That was certainly a bit of cold water thrown on her excitement! I’ve had exactly the same reaction from many who pooh-pooh driving a hybrid or electric car, think those of us who do are “greenies” or goofballs,  all while they climb in to their car or truck that, on a good day, gets 18mpg and costs them $100 a week to drive.

So I took a moment to refute and minimize what this kid had said and also thought this entire discussion would make a great post:  [Read more…]


Our 2011 Family Trip

We had an amazing trip to Germany, Austria and Poland and yes, if the internet access had been easy to obtain and ubiquitous, it would’ve made the trip A LOT easier and more enjoyable. Here are a few photos of our adventure:


Louis C.K. on Why Appreciate ‘the Amazing’

Comedian Louis C.K.  has this very funny rant on how people don’t appreciate technology, flying, Wifi on those flying planes and more. This is EXACTLY what I’d love to say to people when they complain about their smartphone while they’re riding in a car (“it, like, is totally slower than my home internet“) but you’re in a CAR going down the HIGHWAY AT 75MPH! Or those who complain about the nearly 13 hours it takes to fly from Minneapolis, MN to Narita, Japan (“oh my butt is so sore“), a trip that took weeks by train and then ship less than 75 years ago!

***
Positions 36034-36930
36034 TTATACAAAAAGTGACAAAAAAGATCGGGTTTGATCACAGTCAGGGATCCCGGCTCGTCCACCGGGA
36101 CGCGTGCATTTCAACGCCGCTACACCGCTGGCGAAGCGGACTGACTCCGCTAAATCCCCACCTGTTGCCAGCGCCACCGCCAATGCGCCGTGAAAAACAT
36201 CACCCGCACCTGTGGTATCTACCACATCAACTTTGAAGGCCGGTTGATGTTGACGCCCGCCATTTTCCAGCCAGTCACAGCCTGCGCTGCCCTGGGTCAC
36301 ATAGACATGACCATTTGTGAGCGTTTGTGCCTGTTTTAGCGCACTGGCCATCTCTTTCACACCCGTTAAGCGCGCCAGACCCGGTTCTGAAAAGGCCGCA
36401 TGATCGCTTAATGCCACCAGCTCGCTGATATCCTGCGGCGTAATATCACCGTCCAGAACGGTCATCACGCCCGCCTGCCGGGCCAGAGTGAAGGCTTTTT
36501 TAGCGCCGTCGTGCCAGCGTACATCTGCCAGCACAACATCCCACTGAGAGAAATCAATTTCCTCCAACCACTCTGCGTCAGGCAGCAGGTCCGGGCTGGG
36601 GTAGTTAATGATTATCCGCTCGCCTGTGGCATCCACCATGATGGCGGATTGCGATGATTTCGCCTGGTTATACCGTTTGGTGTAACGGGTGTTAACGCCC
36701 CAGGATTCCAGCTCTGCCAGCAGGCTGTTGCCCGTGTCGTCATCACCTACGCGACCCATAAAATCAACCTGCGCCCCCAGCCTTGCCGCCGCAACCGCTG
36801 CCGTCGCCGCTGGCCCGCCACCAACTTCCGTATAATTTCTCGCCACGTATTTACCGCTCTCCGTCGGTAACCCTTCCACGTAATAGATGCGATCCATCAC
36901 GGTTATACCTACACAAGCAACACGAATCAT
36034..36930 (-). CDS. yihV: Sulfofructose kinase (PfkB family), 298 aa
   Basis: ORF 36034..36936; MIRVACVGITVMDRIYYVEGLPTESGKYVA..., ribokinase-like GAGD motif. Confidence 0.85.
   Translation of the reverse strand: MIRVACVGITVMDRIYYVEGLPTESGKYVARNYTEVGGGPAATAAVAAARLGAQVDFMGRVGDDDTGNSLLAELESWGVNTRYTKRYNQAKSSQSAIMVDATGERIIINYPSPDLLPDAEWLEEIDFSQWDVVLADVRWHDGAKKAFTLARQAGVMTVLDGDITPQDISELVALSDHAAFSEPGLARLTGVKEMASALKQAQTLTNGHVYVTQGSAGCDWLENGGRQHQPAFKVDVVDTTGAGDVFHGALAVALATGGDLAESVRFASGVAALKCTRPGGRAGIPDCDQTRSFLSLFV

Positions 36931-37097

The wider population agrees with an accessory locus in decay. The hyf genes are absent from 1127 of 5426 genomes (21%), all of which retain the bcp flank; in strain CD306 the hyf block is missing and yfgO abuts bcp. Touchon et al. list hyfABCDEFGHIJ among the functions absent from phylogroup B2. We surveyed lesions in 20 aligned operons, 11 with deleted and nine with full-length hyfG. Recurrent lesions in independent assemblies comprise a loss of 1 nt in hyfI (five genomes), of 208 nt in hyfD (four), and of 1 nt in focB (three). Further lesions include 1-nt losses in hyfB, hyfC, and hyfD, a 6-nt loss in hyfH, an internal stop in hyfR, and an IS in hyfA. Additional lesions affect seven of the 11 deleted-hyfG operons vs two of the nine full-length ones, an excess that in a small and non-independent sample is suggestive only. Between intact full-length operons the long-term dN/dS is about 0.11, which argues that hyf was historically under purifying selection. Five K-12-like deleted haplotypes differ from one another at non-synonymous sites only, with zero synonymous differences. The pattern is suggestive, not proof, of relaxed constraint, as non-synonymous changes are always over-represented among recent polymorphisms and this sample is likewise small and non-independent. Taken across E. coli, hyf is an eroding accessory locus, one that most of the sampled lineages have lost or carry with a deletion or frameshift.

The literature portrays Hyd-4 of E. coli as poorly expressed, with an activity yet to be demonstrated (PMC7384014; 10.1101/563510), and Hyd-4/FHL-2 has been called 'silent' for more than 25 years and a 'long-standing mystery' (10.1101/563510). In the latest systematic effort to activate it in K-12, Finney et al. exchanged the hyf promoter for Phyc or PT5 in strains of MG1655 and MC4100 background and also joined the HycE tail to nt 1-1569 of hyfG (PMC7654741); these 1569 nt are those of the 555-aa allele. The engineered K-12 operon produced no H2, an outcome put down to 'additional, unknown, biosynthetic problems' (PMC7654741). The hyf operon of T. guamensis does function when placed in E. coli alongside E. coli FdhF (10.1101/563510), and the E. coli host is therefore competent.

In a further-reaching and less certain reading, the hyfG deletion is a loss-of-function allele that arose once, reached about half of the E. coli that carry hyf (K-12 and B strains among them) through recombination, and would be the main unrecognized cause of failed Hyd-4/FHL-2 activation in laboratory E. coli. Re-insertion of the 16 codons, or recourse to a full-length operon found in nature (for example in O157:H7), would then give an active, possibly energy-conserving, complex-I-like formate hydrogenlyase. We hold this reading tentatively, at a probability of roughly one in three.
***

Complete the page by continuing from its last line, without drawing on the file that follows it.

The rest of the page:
My 2011 Road Trip

treasurecityAfter coming to the realization that the compulsion to jump in the car with my new camera and head out on a road trip was not going away, I took off for a week and did it.

The following slideshow is not representative of the 700+ photos I took—many of those taken were done for dramatic and photographic effect—but these select ones give an overview of this adventure.

The most profound thing was all of the history I discovered and had reinforced on this trip. I’m still absorbing what transpired on this road trip and may post about it again soon.

Click the photo below to view my Flickr photo album:

Steve's 2011 Road Trip - 1


Bachmann is Not the Brightest Bulb in the Sign

Congresswoman Michele Bachmann, in a continuation of her tirades against the “nanny state” and “government takeover” of seemingly everything, reintroduced her Light Bulb Freedom of Choice Act which essentially demands proof of compact fluorescent light bulb safety (due to the mercury it contains) and the carbon emissions purported to be reduced if incandescent bulbs begin their current governmental mandated phase-out in January of 2012.

Even though her amended bill seems to include a focus on “the people” vs. her usual focus on business, I have my doubts but can’t figure out what her real motivation is in trying to kill this 2012 mandate. In part her bill states that proof is needed that compact fluorescent bulbs, “…will not pose any health risks, including risks associated with mercury containment in certain light bulbs, to consumers or the general public, including health risks with respect to hospitals, schools, day care centers, mental health facilities, and nursing homes.” Really? I highly doubt Bachmann cares at all about “consumers and the general public” since she’s not showing ANY leanings in that direction during her Congressional tenure.